Food and Drink

Community and opportunity: The Spenard Food Truck Carnival celebrates 10 years

In June 2014, Darrin Huycke, rain soaking his black and white camo hoodie, turned to his mentor and friend, John D’Elia. It was a Thursday afternoon, and they were surrounded by food trucks and hungry customers in the parking lot across from Chilkoot Charlie’s.

Huycke recalls the moment vividly. As the crowd gathered in the rain for the Spenard Food Truck Carnival, he and D’Elia knew they had created something successful and meaningful.

This month, the Spenard Food Truck Carnival opened its 10th season in the parking lot across from Koot’s. It has served multiple purposes. Not only has it established itself as a place where Anchorage residents can find unique and delicious foods, but it has also become an in-person business card event for food truck operators, spawning catering and other opportunities.

Thursday lunches have become an integral part of the Spenard community. From March until October, trucks gather from 11 a.m. until 2 p.m. and offer everything from pulled pork to papaya salad to sweet and savory crepes. In the last 10 years, customers have adjusted their schedules and expectations to come to these lunches. The carnival schedule has been consistent, but not exactly flexible.

Recently, Huycke has added Trucking Tuesdays for dinner and Food Truck Saturdays for weekend lunches. He likes the exclusivity of being open only a few hours a week — it has become its own advertisement, he said. But he also wants more people to have the opportunity to experience the carnival.

Banding together

In 2013, five food trucks banded together to create the carnival. They asked Darrin Huycke to run it, given his experience organizing and promoting events and concerts through his business, Huycke Entertainment.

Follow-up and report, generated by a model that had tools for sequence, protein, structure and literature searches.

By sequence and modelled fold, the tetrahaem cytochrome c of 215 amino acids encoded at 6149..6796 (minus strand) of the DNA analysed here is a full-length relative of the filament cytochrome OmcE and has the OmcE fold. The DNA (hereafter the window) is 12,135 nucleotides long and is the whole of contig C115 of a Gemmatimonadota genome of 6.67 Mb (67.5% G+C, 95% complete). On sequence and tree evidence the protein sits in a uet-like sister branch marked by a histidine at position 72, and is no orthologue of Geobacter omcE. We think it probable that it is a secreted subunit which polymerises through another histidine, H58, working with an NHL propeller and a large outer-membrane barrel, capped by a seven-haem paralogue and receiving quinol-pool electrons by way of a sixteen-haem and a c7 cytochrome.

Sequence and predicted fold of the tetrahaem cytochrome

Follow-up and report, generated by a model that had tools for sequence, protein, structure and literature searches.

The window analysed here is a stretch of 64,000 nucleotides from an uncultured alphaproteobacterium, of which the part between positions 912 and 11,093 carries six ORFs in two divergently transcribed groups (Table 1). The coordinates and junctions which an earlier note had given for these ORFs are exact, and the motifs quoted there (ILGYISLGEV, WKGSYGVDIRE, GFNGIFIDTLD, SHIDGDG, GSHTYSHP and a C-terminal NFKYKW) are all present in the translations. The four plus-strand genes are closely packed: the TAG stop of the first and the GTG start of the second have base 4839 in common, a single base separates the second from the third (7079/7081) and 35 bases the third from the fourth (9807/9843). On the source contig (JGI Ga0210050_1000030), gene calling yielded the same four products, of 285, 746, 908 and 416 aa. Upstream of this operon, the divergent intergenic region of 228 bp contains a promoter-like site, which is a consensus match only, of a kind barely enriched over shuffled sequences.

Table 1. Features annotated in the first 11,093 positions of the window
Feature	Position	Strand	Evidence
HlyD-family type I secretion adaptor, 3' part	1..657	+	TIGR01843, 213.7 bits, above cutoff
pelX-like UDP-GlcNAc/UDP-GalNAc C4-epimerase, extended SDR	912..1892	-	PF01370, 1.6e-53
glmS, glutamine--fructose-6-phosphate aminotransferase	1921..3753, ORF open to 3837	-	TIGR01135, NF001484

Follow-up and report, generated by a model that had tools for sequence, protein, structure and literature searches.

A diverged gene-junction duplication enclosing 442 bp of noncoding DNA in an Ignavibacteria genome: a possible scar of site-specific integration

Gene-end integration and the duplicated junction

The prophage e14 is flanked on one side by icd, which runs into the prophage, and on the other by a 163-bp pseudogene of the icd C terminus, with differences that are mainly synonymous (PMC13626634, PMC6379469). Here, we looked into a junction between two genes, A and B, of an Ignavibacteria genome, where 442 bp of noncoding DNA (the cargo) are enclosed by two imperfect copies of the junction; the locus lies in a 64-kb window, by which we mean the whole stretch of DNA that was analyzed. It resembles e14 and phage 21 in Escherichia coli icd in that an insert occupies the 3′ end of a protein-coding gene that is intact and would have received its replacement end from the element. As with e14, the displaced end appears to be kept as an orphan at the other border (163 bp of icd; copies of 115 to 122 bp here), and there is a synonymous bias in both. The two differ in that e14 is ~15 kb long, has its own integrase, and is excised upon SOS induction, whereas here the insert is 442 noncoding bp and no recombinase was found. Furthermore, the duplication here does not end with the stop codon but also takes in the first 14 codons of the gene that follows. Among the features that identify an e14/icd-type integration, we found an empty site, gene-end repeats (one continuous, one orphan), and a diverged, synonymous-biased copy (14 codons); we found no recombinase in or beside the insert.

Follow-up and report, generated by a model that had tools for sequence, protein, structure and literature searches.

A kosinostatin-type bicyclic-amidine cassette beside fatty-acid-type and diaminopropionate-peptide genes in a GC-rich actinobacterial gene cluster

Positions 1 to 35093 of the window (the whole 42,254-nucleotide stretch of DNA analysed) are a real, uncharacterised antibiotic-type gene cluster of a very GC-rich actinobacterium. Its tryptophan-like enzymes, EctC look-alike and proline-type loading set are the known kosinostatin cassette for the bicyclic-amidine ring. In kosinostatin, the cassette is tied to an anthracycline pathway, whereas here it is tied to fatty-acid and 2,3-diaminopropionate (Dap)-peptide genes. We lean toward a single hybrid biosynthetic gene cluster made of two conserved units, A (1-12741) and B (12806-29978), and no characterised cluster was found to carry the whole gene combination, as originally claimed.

The five food trucks, Wheel Good Food, EAT Sandwich, Kastle’s Kreations, Boom Ba Laddy’s and Urban Bamboo, parked under the windmill in Spenard, and customers started coming. While Kastle’s Kreations and Boom Ba Laddy’s are still around, the rest have gone.

John D’Elia, who was the owner of Urban Bamboo, played a large role in organizing the carnival. He worked with Huycke to create guidelines and became a father figure to him. Even after D’Elia sold his food truck, eventually taking a job as the chef de cuisine at the Marx Bros Cafe, he was still a regular customer and close with Huycke.

“He was such an awesome counterpart to me,” said Huycke.

This year’s carnival will be the first without D’Elia, who died unexpectedly in December. For year 10, Huycke is charging ahead in memory of his friend.

‘We didn’t have to convince people to do anything different’

The last few years have seen a lot of growth for the Spenard Food Truck Carnival. Trucks have been growing more popular and more common in Anchorage already, but the pandemic brought a sudden flood of business to the trucks under the windmill. The food truck model was the perfect fit for safe, socially distanced dining — to-go food in an outdoor environment is how food trucks operate, pandemic or otherwise.

The carnival became even more popular because “we didn’t have to convince people to do anything different,” said Huycke.

Although some of the spike in business died off during the 2021 season as brick and mortar restaurants had more to offer in competition, the carnival is still popular. Huycke is hoping that in its 10th season, it can regain some of the traction from 2020 as the brand looks to expand outside Spenard.